Filmmaking is a uniquely cruel industry – especially for aging women. Stardom is fleeting, and countless actresses have long had to navigate diminished opportunities as the powers that be consistently prioritize the younger and the prettier. Of course, one is hard-pressed to duplicate the generational beauty of Jacqueline Bisset, the legendary actress at the heart of writer-director Russell Brown’s Loren & Rose. Bisset plays the titular Rose, an aging actress yearning for a quality part after the latter portions of her career petered out into artistic, if not commercial, irrelevancy.
We begin in the aftermath of Rose’s passing. As her possessions are auctioned off, we are introduced to the promising and idealistic filmmaker Loren (Kelly Blatz). The film’s story structure echoes Citizen Kane as Loren reflects upon his professional and personal relationship with Rose. They first met in a fancy restaurant where she interviews for a substantial part in his follow-up to his award-winning short film that took the European festival circuit by storm.
This sets the stage for a series of interactions (on separate occasions) around the dinner table that almost always segues into existential conversations regarding life and art. Viewers who have seen My Dinner with Andre will feel right at home. Their initial meeting – the appetizer – is almost strictly professional in nature. By the time we get to dessert years later, it’s clear that they have developed a strong platonic friendship.
“…Loren reflects upon his professional and personal relationship with Rose.“
It’s not hard to view Loren & Rose as being somewhat autobiographical in nature for Bisset. She’s an artist who worked with some of the past century’s greatest filmmakers, including Polanski, Truffaut, and Huston – to name just a few. As far as acting résumés go, it’s hard to top that. Given the parallels between the real-life actress and the fictional Rose, it’s thus obvious that the character of Loren is stoked beyond belief for the opportunity to direct an actress he obsessed over in film school.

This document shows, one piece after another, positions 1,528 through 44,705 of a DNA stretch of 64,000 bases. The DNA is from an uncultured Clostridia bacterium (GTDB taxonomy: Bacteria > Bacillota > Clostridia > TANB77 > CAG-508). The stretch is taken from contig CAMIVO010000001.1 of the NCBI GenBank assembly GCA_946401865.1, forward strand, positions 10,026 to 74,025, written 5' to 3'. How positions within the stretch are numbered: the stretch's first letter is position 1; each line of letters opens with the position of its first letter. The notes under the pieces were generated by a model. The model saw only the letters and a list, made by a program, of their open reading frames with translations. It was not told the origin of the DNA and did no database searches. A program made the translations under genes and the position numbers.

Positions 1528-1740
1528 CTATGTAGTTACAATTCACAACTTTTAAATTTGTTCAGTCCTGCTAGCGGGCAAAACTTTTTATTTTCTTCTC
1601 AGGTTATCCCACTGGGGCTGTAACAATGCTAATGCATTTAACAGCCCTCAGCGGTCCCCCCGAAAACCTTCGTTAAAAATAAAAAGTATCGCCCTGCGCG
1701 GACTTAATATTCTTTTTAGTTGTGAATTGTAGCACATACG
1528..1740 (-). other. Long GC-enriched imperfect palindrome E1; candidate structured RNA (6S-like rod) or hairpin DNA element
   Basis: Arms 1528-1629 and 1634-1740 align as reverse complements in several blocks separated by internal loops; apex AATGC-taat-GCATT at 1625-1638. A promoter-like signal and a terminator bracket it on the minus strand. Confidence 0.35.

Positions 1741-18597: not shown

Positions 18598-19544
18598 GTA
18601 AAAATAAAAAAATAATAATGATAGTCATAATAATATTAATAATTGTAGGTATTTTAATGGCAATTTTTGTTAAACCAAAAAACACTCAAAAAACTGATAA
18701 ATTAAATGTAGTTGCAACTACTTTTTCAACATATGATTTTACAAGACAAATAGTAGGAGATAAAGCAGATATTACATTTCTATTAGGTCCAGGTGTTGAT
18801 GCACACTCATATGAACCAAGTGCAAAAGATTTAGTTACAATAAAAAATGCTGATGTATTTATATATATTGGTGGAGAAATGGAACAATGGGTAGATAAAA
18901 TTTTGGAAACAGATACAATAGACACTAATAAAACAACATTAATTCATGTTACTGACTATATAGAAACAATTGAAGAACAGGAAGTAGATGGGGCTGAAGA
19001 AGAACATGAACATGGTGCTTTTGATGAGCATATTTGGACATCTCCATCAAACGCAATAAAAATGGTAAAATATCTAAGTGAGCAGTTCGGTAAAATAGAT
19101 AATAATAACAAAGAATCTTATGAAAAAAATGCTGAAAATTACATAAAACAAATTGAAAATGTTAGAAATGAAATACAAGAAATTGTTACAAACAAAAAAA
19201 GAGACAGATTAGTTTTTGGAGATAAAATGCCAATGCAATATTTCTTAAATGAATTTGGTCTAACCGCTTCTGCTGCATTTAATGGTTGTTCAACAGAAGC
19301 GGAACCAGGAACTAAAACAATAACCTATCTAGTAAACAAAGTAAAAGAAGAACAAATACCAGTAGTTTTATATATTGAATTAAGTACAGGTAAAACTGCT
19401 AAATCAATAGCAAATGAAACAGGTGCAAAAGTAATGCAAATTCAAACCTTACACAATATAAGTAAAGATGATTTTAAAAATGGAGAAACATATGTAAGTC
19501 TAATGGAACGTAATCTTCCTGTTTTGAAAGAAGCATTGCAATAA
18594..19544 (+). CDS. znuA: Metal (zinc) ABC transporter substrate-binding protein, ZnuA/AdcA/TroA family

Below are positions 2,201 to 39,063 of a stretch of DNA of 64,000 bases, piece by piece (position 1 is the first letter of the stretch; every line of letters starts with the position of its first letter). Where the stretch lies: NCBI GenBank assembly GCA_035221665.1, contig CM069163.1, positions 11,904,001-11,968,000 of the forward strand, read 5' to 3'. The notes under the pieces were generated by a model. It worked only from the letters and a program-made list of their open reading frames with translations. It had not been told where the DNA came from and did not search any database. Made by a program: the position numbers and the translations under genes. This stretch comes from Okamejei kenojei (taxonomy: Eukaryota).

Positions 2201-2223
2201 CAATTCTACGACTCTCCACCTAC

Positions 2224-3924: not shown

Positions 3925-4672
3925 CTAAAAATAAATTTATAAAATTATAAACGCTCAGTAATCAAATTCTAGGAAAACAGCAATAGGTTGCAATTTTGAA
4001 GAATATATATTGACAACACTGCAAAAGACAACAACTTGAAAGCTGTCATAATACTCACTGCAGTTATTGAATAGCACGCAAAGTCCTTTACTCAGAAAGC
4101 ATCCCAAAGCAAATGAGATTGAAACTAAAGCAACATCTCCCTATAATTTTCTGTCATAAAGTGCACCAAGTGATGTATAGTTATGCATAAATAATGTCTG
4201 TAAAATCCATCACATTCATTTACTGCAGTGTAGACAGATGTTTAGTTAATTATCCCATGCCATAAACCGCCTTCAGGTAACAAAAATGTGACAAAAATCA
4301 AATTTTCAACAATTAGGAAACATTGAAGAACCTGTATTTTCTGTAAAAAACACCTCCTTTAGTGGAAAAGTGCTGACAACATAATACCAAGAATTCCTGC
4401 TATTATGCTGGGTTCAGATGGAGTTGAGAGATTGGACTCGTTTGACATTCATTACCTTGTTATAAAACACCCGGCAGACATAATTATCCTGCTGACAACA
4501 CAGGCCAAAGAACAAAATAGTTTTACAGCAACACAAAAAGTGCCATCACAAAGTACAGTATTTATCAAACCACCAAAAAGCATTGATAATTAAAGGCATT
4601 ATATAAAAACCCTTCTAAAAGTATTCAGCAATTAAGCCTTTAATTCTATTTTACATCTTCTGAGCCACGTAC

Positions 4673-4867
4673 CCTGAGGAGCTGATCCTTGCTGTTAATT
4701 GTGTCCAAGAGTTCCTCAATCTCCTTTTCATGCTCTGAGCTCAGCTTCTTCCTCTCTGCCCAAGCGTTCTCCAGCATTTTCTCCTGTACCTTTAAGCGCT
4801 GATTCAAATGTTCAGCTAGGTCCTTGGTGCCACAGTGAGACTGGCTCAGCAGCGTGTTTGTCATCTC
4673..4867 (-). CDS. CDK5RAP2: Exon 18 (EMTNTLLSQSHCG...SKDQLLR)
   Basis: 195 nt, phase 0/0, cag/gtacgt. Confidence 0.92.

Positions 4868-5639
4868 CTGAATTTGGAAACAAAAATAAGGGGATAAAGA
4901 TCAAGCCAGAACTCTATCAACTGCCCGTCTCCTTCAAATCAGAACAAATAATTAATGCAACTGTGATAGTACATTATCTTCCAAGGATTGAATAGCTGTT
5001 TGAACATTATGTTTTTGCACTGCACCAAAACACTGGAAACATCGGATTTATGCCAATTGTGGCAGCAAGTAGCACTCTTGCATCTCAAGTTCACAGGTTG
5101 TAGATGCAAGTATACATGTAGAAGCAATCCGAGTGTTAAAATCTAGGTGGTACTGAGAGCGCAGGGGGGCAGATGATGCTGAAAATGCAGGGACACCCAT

Because a two-hander like this puts immense pressure on the cast, the film’s success largely hinges upon the two leads’ performances. Bisset dominates, and we can’t help but be enraptured by her screen presence, which tends to overshadow the work of her junior sparring partner. This isn’t a dig on Blatz’s performance per se, but the actor he’s sharing scenes with has been honing her craft longer than he’s been alive. As such, it’s almost a foregone conclusion that the audience will more readily gravitate toward the more seasoned pro with pathos and charm to spare.
Loren & Rose is tailored for an intelligent audience. While the film stands on its own, it helps to know Bisset’s history as a performer and her overall career trajectory. Will a viewer who doesn’t remember her from Bullit or Day for Night appreciate the film? Sure, but there’s just no denying that this back-pocket knowledge amplifies Brown’s intended effect.
Ultimately, those hungry for a film that prioritizes a great performance over cheap thrills will not be disappointed. That Loren & Rose can also serve as an homage to a great but underrated actress is just an amuse-bouche on top of an already great meal. So, let’s get out our silverware and get ready for the main course. Bon Appétit!
Loren & Rose screened at the 2022 Santa Barbara International Film Festival.
"…Bisset dominates, and we can't help but be enraptured by her..."